Opinion

The Great Debate

The GOP and voter anger

President Barack Obama’s lackluster, let’s-work-together performance in Wednesday night’s presidential debate stoked the fears of his liberal backers that Democrats simply won’t fight for them the way Republicans relentlessly battle for their wealthier, aging, corporate constituents.

After four years of Republican intransigence – even when Democrats have championed Republican ideas – the Democratic left insists that the White House hasn’t grasped that the 2012 campaign is not about policy. So far, Republicans are proving more adept at speaking, in both coded and direct terms, to Americans’ stark demographic and psychological divisions.

That Republican nominee Mitt Romney stood before the nation and all but disowned the tax-cut, Medicare, health policy and other GOP doctrines he had campaigned on for months is likely to matter little to his backers. The last three Republican presidents, as MSNBC commentator Chris Hayes pointed out, also campaigned on promises of economic growth, deficit reduction and tax relief – and all left behind a faltering economy and ballooned deficits. What they reliably delivered was tax cuts benefiting the wealthy.

This campaign showcases the GOP’s ability to feed the anger of a large chunk of aging white Americans whose presumption of “exceptionalism” in citizenship and nationality is now being challenged by claims of equality for younger, multiracial, immigrant and “non-traditional” Americans – as represented by Obama himself.

The president’s continued invocation of “Republicans and Democrats working together” demonstrates the Democrats’ self-destructive course. Post-2008 Republicans, in both congressional votes and campaign statements, have made it clear that their goal is to destroy not just this presidency, but any concept of a society shared among a diverse, multicultural citizenry.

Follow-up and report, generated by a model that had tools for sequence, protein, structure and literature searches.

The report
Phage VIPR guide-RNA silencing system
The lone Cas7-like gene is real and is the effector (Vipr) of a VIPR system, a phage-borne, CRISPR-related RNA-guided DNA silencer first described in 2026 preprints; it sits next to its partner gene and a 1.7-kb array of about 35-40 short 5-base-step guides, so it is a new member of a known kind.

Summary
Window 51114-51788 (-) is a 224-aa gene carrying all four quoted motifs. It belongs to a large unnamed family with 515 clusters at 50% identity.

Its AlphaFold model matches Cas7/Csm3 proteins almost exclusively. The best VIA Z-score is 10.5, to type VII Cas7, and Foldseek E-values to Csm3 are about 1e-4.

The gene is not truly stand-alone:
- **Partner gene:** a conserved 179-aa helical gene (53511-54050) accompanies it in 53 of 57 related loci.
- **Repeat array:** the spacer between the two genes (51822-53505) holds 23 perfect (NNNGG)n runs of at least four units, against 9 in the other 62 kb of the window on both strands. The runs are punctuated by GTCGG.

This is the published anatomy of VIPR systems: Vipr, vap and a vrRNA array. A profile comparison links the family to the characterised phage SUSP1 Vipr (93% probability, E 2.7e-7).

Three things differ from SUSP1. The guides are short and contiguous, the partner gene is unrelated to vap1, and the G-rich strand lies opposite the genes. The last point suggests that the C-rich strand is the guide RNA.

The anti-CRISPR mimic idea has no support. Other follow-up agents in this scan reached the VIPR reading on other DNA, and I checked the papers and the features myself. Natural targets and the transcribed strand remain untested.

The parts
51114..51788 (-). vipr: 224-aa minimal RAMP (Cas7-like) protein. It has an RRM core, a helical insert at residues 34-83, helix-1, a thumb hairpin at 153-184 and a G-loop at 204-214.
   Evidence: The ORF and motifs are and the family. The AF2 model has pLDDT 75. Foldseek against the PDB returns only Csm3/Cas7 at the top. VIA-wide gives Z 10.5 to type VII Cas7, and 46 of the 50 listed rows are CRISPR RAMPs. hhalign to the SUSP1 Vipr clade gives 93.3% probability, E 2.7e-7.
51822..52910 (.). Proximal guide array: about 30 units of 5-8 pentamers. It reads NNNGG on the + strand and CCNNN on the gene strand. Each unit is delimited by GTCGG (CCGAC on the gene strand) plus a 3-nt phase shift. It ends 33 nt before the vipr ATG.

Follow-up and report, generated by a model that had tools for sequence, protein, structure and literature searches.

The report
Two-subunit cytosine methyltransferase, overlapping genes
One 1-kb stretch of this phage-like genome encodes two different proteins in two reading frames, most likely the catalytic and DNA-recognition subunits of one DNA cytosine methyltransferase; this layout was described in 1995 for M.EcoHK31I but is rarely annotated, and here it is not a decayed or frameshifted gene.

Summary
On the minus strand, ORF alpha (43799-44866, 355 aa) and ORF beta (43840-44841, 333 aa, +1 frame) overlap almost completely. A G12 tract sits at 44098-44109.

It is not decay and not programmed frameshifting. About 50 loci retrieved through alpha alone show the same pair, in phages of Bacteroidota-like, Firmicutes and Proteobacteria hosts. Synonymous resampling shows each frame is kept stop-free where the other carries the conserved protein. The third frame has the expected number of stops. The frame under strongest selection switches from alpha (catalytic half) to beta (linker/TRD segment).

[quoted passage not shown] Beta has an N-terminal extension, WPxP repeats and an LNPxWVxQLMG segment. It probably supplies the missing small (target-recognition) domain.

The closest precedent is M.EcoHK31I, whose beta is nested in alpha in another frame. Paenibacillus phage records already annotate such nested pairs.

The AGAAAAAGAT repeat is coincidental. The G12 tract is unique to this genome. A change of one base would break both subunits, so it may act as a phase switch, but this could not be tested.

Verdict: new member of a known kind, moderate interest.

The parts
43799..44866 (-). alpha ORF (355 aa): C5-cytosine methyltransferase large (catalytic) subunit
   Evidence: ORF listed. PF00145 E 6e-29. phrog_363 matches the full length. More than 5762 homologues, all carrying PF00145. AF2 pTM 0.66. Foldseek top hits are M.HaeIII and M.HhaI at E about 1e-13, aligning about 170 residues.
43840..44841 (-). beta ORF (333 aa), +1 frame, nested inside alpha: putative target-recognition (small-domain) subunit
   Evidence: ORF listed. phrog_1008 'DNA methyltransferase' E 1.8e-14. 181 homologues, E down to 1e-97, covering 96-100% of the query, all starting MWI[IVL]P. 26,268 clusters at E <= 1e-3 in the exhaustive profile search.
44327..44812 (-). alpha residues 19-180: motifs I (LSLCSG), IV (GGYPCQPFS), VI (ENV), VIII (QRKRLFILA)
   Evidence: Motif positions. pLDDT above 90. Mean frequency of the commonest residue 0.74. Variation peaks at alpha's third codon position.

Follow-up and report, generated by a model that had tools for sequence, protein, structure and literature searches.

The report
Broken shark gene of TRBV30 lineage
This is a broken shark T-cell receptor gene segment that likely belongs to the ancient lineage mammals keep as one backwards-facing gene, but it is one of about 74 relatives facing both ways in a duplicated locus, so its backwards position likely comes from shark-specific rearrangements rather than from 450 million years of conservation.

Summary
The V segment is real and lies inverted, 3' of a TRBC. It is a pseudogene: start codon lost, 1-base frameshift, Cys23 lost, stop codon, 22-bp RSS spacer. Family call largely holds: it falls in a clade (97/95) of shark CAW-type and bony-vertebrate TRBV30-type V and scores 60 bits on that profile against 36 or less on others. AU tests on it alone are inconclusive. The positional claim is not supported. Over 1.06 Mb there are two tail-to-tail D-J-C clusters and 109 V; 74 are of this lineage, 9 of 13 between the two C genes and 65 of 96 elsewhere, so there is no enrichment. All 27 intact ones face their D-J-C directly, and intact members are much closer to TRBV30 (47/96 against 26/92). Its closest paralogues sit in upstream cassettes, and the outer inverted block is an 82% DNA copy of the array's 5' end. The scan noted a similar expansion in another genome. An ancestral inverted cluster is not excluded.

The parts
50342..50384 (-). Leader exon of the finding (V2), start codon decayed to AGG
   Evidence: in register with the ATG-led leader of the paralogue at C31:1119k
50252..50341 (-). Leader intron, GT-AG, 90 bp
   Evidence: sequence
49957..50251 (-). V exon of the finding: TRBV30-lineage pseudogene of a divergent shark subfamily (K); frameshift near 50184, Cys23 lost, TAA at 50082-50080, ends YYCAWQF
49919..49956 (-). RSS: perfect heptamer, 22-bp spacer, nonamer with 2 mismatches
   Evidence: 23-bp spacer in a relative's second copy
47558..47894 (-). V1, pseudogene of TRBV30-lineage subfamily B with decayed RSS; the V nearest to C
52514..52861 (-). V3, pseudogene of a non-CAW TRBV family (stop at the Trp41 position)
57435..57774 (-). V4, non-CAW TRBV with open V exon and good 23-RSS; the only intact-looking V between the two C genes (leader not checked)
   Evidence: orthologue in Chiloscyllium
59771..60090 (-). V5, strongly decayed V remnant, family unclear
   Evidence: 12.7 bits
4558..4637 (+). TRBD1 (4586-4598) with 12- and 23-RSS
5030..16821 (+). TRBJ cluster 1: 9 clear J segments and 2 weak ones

It’s not the economy, stupid!

Tonight’s debate could be the most negative presidential debate ever. That’s because the best thing each candidate has going for him is negative opinion of the other guy.

This election was supposed to be a referendum on President Barack Obama. That’s what usually happens when an incumbent is running for re-election. Sometimes the incumbent is popular enough to win re-election (Ronald Reagan in 1984, Bill Clinton in 1996). Sometimes he’s not (Jimmy Carter in 1980, George H.W. Bush in 1992).

The biggest single factor determining the incumbent’s popularity is the economy: good in 1984 and 1996, terrible in 1980 and 1992. By that standard, Obama should be in deep trouble. That’s the big surprise this year. He’s not.

The ‘Hollywood Test’ for president

If you think of the current presidential campaign as a movie, the economy, by all rights, should have pre-empted most of the drama and handed the lead role to the lantern-jawed financier. The movie would have told of a decent man, so unflappable that he never broke a sweat, who tried his best but couldn’t work his will on the world and make things right. Into that void, walked Republican nominee Mitt Romney, who vowed that he had the experience and strength to turn things around.